The post-election analysis of President Obama’s victory just over a week ago has made for interesting reading this side of the Atlantic. Both the left and the right have looked to claim that the result is good news for them, and to be fair both have a point. Conservatives will take heart from the fact that Obama is the first leader of a major economy to have secured another term in office during the economic meltdown. Labour will be encouraged that Obama’s interventionist economic strategy has been endorsed at the ballot box. Below the headline reasons for the result (which can be argued either way), looking a little deeper into some of the numbers perhaps provide more important facts to take on board.
According to exit polls, Republican challenger Mitt Romney won 59%of the white vote. Obama was backed by 93% of black voters, 71% of Latinos and 60% of voters younger than 30. The Democrat campaign quite clearly built a more convincing coalition of voters than the Republican one, with ethnic minority voters absolutely crucial. You can therefore understand why Baroness Warsi has reportedly said that she believes the Tories have a ‘brand problem’ with ethnic minorities and will not win future elections until they solve it. Paul Goodman on ConHome highlights that Warsi believes the Conservative Party must learn from President Barack Obama’s recent triumph that the Tories “must win minorities to win majorities”.
Paul Goodman knows what he’s talking about when it comes to this subject. His ConHome article from April this year, Tokenism and ignorance: how the Conservative Party misplayed its hand with ethnic minority votes, was as breath-taking in its boldness as it was accurate in its observations. It still knocks me for six when reading it now, probably because it reminds me of some of the mistakes I’ve made myself.
The task of winning the support of more ethnic minority voters is crucial when you consider (as ConHome has highlighted) that just 16% of Britain’s ethnic minority voters backed the Tories at the 2010 general election. It led Downing Street’s polling and strategy adviser, Andrew Cooper, to comment that “the number-one driver of not voting Conservative is not being white”. It backs up Paul’s observations that mistakes of the past have cost the Conservative Party dear. Among these are relying on simply putting up impressive ethnic minority candidates (which doesn’t make much of a difference), and the assumption that “ethnic minority voters” can somehow be all grouped together. This sums up the tokenism and ignorance Paul was referring to.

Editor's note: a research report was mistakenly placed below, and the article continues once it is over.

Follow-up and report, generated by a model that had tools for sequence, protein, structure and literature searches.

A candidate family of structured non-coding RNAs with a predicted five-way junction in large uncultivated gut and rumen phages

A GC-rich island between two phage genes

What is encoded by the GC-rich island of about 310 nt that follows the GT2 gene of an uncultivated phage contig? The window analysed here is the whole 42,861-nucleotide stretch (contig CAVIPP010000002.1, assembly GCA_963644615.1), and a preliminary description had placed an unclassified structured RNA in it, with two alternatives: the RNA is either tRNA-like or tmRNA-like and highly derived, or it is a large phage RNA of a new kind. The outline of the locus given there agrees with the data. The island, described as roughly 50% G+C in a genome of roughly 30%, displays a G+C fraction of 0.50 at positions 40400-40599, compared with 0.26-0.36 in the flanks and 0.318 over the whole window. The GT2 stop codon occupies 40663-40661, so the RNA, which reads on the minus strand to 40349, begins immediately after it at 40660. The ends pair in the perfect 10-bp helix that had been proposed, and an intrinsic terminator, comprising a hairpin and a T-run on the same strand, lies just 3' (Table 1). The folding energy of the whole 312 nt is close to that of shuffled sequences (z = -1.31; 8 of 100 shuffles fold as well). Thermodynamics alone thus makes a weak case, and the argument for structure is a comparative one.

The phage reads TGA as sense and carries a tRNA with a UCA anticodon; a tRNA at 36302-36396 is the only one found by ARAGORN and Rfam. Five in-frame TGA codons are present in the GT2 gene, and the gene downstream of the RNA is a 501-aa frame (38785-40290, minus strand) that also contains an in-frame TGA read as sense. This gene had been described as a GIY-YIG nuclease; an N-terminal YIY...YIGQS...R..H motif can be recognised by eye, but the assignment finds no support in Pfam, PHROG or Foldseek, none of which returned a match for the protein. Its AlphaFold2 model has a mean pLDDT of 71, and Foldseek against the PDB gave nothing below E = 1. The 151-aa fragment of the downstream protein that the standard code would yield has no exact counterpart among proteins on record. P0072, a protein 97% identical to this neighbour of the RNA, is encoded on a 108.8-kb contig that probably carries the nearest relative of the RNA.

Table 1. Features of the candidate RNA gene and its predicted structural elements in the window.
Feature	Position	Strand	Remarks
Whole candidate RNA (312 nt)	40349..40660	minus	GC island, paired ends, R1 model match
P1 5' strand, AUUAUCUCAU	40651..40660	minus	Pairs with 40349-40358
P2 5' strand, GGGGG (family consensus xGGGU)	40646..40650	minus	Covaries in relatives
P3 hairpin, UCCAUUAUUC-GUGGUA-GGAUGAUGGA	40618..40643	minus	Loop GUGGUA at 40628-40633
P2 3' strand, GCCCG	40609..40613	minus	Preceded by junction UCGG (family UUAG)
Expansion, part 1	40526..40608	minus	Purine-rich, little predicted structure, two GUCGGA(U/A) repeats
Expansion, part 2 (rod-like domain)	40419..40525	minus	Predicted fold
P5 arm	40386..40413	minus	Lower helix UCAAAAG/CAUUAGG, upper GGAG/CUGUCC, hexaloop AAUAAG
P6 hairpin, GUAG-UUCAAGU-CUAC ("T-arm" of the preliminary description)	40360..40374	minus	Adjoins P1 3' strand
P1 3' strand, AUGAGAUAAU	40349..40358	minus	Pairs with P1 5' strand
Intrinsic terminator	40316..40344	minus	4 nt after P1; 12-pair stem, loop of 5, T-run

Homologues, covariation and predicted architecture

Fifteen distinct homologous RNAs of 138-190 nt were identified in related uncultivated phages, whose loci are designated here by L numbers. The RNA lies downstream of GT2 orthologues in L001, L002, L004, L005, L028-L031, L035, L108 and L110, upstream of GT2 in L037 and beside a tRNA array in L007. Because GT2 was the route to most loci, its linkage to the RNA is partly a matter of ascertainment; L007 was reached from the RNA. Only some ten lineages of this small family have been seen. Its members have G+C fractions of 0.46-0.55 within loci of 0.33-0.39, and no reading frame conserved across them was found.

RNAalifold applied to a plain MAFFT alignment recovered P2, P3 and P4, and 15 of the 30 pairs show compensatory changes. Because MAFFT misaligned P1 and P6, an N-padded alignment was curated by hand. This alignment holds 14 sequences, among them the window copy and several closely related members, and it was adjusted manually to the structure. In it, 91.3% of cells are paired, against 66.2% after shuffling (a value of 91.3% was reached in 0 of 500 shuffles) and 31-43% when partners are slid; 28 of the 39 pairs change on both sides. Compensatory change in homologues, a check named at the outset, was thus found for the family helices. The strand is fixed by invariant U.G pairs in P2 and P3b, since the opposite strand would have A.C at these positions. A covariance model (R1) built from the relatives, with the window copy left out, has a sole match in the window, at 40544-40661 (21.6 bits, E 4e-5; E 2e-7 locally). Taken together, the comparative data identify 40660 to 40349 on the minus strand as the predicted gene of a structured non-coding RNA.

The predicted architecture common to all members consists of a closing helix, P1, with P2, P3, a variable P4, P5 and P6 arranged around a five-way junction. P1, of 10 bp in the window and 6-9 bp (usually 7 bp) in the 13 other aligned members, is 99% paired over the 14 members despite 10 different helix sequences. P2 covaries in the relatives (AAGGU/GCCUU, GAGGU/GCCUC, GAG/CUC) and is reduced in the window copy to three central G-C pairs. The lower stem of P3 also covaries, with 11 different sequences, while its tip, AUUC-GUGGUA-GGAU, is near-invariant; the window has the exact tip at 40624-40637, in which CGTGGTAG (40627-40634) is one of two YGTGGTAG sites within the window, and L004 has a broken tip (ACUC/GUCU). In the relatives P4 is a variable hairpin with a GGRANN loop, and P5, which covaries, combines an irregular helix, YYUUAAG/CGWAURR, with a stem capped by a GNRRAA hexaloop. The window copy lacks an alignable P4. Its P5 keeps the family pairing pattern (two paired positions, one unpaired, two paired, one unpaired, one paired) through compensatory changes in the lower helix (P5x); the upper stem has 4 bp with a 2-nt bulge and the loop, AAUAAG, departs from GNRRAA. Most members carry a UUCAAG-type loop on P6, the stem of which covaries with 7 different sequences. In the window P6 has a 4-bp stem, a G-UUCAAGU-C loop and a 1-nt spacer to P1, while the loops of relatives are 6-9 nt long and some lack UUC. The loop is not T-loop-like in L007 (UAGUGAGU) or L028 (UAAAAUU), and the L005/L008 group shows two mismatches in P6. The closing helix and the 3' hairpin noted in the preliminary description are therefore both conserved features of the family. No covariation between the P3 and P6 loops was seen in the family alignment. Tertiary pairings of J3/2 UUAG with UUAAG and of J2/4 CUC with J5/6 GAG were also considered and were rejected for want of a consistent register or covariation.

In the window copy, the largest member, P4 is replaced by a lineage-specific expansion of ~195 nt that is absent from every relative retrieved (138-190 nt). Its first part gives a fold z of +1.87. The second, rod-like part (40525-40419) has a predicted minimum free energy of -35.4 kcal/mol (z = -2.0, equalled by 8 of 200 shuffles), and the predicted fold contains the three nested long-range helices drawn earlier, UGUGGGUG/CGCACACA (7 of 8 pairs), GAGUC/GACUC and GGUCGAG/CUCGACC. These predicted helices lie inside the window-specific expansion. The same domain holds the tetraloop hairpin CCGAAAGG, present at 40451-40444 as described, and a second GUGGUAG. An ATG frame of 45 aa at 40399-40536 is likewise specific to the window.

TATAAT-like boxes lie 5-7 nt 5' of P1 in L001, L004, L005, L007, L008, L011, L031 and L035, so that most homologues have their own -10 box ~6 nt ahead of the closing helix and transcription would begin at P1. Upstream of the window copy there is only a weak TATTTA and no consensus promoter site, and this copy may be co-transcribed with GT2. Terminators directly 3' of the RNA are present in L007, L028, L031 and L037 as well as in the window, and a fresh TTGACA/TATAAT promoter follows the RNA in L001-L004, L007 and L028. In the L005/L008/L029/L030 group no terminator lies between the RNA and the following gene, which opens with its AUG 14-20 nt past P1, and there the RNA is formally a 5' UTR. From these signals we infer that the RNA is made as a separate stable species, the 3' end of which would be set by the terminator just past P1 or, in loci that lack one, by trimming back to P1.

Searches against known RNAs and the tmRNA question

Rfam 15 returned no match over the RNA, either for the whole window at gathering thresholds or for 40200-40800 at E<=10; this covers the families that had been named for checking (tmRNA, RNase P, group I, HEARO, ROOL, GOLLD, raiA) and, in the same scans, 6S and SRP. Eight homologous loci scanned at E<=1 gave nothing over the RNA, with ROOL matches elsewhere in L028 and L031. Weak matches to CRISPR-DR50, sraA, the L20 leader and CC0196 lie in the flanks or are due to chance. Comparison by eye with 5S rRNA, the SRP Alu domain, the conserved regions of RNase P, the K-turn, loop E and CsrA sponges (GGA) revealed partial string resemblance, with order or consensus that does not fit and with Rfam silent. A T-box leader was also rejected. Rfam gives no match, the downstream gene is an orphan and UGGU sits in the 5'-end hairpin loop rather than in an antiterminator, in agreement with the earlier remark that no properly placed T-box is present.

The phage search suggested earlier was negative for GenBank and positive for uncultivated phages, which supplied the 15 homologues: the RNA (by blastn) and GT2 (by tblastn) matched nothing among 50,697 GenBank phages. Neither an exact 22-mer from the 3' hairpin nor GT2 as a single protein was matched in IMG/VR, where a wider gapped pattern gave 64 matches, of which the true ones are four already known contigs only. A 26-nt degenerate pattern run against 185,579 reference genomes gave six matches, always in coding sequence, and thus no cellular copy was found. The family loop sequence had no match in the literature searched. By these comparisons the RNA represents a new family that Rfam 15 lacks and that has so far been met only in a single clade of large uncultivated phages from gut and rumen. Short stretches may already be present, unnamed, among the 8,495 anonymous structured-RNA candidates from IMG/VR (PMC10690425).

While the Conservative Party is only managing to convince 16% of ethnic minority voters, Labour is winning the support of 68%. Such a gap is what the Canadian Conservative Party faced in 2000. Today, it is the dominant party among ethnic minority voters, who it calls “new Canadians”. Such a turnaround is utterly incredible and probably seemed like an impossible task when a new approach was first adopted just over a decade ago.
Canada’s Immigration Minister Jason Kenney told Conservatives at a conference in March, “We have gone from a 50-point deficit vis-a-vis the Liberals amongst new Canadians in 2000 to a 24-point lead in this last election”. So strong is the support from new Canadians today that had it only been ethnic minorities voting, the Conservative parliamentary majority would have been even larger. “We apparently won the votes of 37% of Canadians born in the country, but 42% of immigrants to Canada… This is today’s Conservative Party. If it was just new Canadians who were voting, our majority would be even bigger.”
Surely UK Conservatives need to meet their Canadian counterparts and find out how they managed it? That’s precisely what the party has been doing. The advice from the Canadian Conservative Party can probably be summed up using another quote from Kenney:
“Sitting down, listening, showing people respect, not taking them for granted, delivering on symbolic and emotive issues that mattered, allowed us to get people to start giving us at least the benefit of the doubt, to begin tuning into our frequency and then realizing that their values were aligned with ours — on family, on the economy, on crime, on taxes, on democracy, on just about everything else.”